As usual, most arbitration cases remain unsettled as we approach the new year, including heavyweights such as Tim Lincecum, Cole Hamels, Hunter Pence, and Clayton Kershaw. MLBTR has created a handy database of all arbitration eligible players, which will include information on submissions from both sides, midpoints, and settlement amounts. You can also filter by team and whether a hearing occurred.
As a reminder, this year players on MLB rosters with at least two years and 146 days but less than six years of service time are arbitration eligible. Matt Swartz has projected salaries for all of these players exclusively for MLBTR, and you can find that information here. We've all added Kelly Johnson, David Ortiz, and Francisco Rodriguez to this database, as they were free agents who accepted arbitration.
Important arbitration dates to keep in mind, according to the Associated Press:
- January 13th: Deadline for players to file for arbitration. This is largely procedural.
- January 17th: Deadline for teams and players to exchange salary arbitration figures. On this date and the day prior, expect dozens of settlements. Teams can still negotiate after exchanging figures, although several teams employ a "file and trial" strategy in which they end negotiations on one-year deals once figures are exchanged to ensure a hearing occurs. These teams have included the Rays, Nationals, Marlins, White Sox, Blue Jays, Braves, and Astros.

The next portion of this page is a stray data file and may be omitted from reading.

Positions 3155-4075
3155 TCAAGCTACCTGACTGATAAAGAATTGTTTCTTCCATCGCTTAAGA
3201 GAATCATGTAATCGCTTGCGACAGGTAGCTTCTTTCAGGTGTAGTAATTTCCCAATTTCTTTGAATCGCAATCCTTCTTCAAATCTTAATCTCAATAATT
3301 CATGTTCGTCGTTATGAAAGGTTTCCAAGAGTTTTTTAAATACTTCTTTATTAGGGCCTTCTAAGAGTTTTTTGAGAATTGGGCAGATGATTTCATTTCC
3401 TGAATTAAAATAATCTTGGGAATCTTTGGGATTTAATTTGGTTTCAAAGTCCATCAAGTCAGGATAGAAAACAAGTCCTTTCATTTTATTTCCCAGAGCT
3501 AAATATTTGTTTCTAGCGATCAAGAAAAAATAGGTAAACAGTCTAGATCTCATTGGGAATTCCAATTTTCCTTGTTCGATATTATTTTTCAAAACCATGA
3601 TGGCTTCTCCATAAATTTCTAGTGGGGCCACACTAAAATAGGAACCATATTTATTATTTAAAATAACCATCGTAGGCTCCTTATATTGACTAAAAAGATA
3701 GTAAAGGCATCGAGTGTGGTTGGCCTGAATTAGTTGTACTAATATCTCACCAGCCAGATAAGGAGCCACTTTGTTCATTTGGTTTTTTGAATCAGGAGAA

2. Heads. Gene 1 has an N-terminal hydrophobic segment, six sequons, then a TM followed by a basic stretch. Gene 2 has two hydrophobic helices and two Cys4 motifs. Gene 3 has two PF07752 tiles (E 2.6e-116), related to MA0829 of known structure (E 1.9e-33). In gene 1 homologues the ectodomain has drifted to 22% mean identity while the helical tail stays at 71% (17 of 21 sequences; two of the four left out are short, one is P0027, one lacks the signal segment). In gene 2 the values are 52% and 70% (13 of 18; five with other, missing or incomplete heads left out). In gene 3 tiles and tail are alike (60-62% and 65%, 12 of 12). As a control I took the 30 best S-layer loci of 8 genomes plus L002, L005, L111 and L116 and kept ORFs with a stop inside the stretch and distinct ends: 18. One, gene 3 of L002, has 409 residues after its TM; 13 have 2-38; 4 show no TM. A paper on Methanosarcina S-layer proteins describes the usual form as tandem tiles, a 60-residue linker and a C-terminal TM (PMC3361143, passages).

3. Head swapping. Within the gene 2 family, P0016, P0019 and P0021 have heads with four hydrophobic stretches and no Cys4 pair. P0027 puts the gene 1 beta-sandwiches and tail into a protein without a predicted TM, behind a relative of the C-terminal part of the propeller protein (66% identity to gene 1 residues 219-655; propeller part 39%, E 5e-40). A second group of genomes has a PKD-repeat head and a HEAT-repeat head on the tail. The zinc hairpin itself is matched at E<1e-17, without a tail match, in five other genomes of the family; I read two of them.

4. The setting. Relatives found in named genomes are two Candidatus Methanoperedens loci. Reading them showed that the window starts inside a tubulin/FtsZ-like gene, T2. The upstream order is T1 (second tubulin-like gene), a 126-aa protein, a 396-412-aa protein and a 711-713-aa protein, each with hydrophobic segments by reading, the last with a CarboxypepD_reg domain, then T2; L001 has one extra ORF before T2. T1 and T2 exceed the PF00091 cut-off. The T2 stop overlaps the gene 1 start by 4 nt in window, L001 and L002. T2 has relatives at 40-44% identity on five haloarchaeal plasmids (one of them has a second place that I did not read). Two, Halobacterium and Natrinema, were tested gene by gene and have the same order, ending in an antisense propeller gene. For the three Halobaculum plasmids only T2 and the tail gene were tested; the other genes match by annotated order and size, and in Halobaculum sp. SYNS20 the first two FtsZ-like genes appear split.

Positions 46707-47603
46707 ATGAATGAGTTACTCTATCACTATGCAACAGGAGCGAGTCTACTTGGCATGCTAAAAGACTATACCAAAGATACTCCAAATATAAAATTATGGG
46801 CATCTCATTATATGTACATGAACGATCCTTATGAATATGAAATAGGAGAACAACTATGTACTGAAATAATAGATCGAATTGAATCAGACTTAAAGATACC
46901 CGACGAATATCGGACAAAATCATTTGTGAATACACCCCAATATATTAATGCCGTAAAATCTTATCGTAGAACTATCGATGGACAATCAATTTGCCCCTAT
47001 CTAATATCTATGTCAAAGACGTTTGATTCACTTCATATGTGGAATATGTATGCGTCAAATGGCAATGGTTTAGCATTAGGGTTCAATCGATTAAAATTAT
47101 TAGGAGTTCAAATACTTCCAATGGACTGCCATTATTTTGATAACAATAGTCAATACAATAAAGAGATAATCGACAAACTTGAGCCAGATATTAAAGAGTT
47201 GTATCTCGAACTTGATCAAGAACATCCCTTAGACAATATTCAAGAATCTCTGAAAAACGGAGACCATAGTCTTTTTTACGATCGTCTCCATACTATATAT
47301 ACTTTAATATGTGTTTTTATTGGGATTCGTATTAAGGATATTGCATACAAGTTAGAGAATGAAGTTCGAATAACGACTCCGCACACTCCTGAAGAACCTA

- February 1-21: Hearings occur in St. Petersburg, Florida. In 2011, Pence, Jered Weaver, and Ross Ohlendorf had hearings. At a hearing, a each side has an hour to argue for their salary figure, and a three-person panel picks one of the salaries.
- January is always a big month for multiyear extensions. Last year we had 17.